The Wallabies will attempt to erase a decade of gross disappointment against the All Blacks when the inaugural Rugby Championship begins in Sydney tomorrow.
The new southern hemisphere showpiece adds Argentina to the former Tri Nations roster of Australia, New Zealand and South Africa, with the Argentines locking horns with the Springboks at Cape Town on the same day.
The Wallabies will be facing the All Blacks for the first time since their 20-6 defeat in the semi-finals of the World Cup and Australia coach Robbie Deans said the Bledisloe Cup Tests were about prestige and national interest.
“The best way to describe the contest is that it’s the equivalent of the Ashes,” Deans said, referring to the historic cricket clashes between Australia and England. “It’s got a lot of history. It’s something a lot of good players never get to experience or touch. There’s an awful lot of meaning to the playing group.”
The trans-Tasman rivals will play three Tests to decide the Bledisloe trophy.
Winger Adam Ashley-Cooper said the Wallabies were intent on exacting revenge for the World Cup loss and an extended run of failed Bledisloe campaigns since 2002.
“It stings,” Ashley-Cooper said of the World Cup defeat. “But we have a new focus now and that’s the Bledisloe. There’s been a big build-up, a lot of buzz.”
“Not only in camp, but around friends and family and the whole country. I guess that’s off the back of the World Cup last year being such a big tournament, a worldwide tournament, and the opportunity to get a little bit of revenge,” Ashley-Cooper said. “Australia hasn’t held the Bledisloe Cup for more than a decade. Now so that in itself is enough motivation to play the No. 1 team in the world.”
World Cup fly-half Quade Cooper has been omitted from the Wallabies squad in favor of Berrick Barnes. The No. 10 produced consecutive man-of-the-match performances against Wales in June to cement his position.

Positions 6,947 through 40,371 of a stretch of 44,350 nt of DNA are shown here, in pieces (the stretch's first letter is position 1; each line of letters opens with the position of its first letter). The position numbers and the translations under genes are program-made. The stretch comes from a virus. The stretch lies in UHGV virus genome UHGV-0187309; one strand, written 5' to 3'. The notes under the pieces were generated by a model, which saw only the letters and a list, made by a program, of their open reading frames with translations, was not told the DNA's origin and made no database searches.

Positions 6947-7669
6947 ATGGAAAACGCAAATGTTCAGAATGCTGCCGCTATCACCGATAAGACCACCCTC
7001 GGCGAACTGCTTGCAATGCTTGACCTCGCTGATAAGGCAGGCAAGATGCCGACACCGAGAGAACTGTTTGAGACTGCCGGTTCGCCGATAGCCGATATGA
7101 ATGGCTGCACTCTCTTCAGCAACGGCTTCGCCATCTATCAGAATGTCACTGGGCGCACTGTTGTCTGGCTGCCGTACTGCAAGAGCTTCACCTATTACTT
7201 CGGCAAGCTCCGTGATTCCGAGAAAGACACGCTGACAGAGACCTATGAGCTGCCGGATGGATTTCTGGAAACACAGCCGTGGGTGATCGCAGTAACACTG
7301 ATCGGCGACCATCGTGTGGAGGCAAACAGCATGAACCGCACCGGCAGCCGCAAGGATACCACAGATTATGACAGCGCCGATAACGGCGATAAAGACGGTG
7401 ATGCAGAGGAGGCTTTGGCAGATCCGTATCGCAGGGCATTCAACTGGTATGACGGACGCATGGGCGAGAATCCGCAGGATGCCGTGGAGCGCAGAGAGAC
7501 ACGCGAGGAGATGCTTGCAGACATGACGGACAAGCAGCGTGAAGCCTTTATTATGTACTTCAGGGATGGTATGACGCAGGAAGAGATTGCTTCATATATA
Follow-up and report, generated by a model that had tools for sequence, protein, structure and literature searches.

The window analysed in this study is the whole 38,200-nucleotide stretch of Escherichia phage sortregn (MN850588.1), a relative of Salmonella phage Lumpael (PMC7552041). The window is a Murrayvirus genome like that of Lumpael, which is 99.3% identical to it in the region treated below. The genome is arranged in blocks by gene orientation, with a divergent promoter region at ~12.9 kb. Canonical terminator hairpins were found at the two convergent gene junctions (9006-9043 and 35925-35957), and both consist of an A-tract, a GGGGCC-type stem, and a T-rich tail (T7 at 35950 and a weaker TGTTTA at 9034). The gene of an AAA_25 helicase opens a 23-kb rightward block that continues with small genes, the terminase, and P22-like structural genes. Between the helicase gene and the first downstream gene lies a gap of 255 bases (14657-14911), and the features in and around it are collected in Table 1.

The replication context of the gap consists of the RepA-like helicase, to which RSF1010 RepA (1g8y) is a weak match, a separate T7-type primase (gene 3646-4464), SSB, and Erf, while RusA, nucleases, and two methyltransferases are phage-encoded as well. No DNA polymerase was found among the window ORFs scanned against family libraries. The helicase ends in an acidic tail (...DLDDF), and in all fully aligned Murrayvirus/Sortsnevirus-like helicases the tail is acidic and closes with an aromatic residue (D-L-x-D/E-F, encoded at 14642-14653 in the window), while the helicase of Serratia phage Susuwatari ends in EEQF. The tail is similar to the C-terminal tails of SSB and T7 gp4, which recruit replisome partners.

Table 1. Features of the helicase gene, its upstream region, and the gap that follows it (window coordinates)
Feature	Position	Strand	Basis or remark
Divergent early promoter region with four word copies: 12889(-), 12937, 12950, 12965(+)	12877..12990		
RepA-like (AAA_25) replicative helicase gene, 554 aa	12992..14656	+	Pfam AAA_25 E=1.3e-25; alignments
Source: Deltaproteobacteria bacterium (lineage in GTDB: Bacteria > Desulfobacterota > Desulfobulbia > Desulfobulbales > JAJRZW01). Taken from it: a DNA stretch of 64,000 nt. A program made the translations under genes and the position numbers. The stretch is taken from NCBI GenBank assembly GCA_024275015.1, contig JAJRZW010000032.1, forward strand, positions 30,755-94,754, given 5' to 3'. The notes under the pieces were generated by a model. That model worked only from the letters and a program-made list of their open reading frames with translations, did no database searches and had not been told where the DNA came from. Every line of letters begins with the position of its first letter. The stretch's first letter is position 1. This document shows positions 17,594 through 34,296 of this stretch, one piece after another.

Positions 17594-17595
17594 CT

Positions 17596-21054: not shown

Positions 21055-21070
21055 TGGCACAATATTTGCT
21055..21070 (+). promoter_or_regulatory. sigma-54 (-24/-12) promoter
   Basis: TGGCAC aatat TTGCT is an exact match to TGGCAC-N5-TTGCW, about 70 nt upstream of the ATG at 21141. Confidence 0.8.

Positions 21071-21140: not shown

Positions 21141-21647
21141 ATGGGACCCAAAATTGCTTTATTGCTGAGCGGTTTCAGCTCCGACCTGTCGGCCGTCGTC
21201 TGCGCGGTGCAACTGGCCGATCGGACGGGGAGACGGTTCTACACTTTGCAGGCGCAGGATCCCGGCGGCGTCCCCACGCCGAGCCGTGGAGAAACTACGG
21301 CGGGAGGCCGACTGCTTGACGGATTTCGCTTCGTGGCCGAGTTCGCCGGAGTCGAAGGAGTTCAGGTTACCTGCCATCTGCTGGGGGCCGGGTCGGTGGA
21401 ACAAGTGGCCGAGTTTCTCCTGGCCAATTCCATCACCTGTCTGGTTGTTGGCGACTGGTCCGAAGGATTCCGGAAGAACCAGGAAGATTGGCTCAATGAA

The formidable All Blacks have added fly-half Dan Carter and centre Ma’a Nonu to the side that thrashed Ireland 60-0 in June.
Veteran forward Nathan Sharpe shelved retirement plans until October to play in the championship and is the only current Australian to have been involved in a successful Bledisloe Cup campaign.
“Sharpey is the only one to have done it so 99 percent of this team really want that same opportunity,” Ashley-Cooper said. “Sharing experiences with guys that have held the Cup, there’s no bigger achievement or triumph, outside of the World Cup, than the Bledisloe Cup.”
Deans paid tribute to Sharpe’s input.
“He’s been a great source of confidence for the group, he’s playing great rugby, but he’s also become a real educator around not only the game, but also the peripheral aspects of the game,” he said.
The All Blacks are chasing the same old result against Australia with a new coach after Steve Hansen replaced the World Cup-winning Graham Henry.
“Saturday’s Bledisloe Cup contest brings two challenges,” Hansen said.
“The first is our opponents, who we clearly respect. But just as important is the second challenge, which is about us being better than we were before,” Hansen said.
Deans applauded the decision to decide the Bledisloe over three Tests in an end to years of the series involving two or four matches.
Australia and New Zealand clash in Auckland on Aug. 25 in the return leg of the Rugby Championship before the final Bledisloe encounter in Brisbane on Oct. 20.